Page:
Commentary Critical and Explanatory
on the Whole Bible
A Prayer of the afflicted, &c.--The general terms seem to denote
the propriety of regarding the Psalm as suitably expressive of the
anxieties of any one of David's descendants, piously concerned for the
welfare of the Church. It was probably David's composition, and, though
specially suggested by some peculiar trials, descriptive of future
Poureth out--pouring out the soul--
The tone of complaint predominates, though in view of God's promises
and abiding faithfulness, it is sometimes exchanged for that of
confidence and hope.
1-3. The terms used occur in
17:1, 6; 18:6; 31:2, 10; 37:20.
so that I forget--or, "have forgotten," that is, in my distress
and hence strength fails.
5. voice . . . groaning--effect put for cause, my agony emaciates me.
6, 7. The figures express extreme loneliness.
8. sworn against me--or literally, "by me," wishing others as miserable
as I am
9. ashes--a figure of grief, my bread; weeping or tears, my drink
10. lifted . . . cast me down--or, "cast me away" as stubble by a
11. shadow . . . declineth--soon to vanish in the darkness of night.
12. Contrast with man's frailty (compare
thy remembrance--that by which Thou art remembered, Thy promise.
13, 14. Hence it is here adduced.
the set time, &c.--the time promised, the indication of which is the
interest felt for Zion by the people of God.
15-17. God's favor to the Church will affect her persecutors with fear.
16. When the Lord shall build--or better, "Because the Lord hath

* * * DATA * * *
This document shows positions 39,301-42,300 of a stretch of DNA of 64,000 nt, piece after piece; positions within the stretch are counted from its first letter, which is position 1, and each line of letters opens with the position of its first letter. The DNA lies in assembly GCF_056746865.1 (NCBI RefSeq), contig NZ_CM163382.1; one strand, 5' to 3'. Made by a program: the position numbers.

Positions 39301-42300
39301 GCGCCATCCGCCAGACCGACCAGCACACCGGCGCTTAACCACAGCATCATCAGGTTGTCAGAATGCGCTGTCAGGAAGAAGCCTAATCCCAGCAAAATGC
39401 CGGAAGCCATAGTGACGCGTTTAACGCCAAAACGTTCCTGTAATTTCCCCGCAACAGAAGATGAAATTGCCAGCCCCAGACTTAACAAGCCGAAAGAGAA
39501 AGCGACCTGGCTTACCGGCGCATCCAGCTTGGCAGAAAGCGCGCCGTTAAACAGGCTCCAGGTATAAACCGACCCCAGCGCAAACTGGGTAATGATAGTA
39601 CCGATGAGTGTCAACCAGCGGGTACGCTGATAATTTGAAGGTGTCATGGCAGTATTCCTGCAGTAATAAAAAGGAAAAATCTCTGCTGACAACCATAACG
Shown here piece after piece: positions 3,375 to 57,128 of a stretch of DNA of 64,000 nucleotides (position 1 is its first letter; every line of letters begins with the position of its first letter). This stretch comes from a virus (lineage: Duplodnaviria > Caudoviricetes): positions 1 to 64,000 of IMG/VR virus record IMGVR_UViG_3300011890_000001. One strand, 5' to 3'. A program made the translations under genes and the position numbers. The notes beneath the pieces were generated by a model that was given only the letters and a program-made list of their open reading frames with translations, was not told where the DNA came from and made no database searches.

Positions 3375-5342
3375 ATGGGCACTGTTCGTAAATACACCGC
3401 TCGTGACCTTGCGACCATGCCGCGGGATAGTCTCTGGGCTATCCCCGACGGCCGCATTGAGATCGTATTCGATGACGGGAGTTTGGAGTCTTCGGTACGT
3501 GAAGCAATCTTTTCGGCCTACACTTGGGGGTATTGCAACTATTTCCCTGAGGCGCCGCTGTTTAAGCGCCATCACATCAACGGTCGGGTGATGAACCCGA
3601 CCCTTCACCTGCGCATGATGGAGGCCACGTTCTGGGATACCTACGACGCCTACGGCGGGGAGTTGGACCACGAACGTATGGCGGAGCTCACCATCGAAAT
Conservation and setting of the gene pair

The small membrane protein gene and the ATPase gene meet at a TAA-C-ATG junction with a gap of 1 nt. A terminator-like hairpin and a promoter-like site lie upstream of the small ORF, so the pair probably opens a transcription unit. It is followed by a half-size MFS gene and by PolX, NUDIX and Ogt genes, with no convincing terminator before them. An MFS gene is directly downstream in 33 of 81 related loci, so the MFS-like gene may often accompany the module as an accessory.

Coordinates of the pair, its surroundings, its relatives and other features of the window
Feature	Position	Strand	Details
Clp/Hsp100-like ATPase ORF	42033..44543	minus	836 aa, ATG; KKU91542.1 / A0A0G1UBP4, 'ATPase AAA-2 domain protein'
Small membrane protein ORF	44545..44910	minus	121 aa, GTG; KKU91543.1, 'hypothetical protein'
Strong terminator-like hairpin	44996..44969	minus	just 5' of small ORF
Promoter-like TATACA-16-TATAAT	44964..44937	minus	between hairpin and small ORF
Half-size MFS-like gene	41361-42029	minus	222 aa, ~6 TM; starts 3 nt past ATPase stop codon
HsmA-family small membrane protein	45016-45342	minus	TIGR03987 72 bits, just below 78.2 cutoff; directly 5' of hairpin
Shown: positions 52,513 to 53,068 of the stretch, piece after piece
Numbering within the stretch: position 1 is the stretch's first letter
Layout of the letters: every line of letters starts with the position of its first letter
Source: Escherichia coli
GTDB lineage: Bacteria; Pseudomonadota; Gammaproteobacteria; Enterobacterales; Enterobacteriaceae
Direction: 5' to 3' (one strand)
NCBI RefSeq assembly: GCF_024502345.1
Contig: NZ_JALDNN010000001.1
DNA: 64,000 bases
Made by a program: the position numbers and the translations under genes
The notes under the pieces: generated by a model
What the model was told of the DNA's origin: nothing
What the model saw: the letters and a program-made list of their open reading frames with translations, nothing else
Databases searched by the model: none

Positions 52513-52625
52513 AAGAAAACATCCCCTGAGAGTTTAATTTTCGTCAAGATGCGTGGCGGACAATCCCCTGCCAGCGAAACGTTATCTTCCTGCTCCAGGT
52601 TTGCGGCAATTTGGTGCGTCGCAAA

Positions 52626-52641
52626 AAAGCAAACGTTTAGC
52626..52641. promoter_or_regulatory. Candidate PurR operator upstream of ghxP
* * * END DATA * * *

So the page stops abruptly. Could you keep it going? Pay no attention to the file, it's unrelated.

built," &c., as a reason for the effect on others; for in thus acting
and hearing the humble, He is most glorious.
18. people . . . created--(compare
an organized body, as a Church.
19-22. For--or, "That," as introducing the statement of God's
condescension. A summary of what shall be written.
to loose . . . appointed--or, "deliver" them
21. To declare, &c.--or, that God's name may be celebrated in the
assemblies of His Church, gathered from all nations
and devoted to His service.
23-28. The writer, speaking for the Church, finds encouragement in
the midst of all his distresses. God's eternal existence is a pledge of
faithfulness to His promises.
in the way--of providence.
weakened--literally, "afflicted," and made fearful of a premature end,
a figure of the apprehensions of the Church, lest God might not perform
His promise, drawn from those of a person in view of the dangers of
early death (compare
as addressed to Christ in His divine nature. The scope of the Psalm, as
already seen, so far from opposing, favors this view, especially by the
The association of the Messiah with a day of future glory to the Church
was very intimate in the minds of Old Testament writers; and with
correct views of His nature it is very consistent that He should be
addressed as the Lord and Head of His Church, who would bring about
that glorious future on which they ever dwelt with fond delightful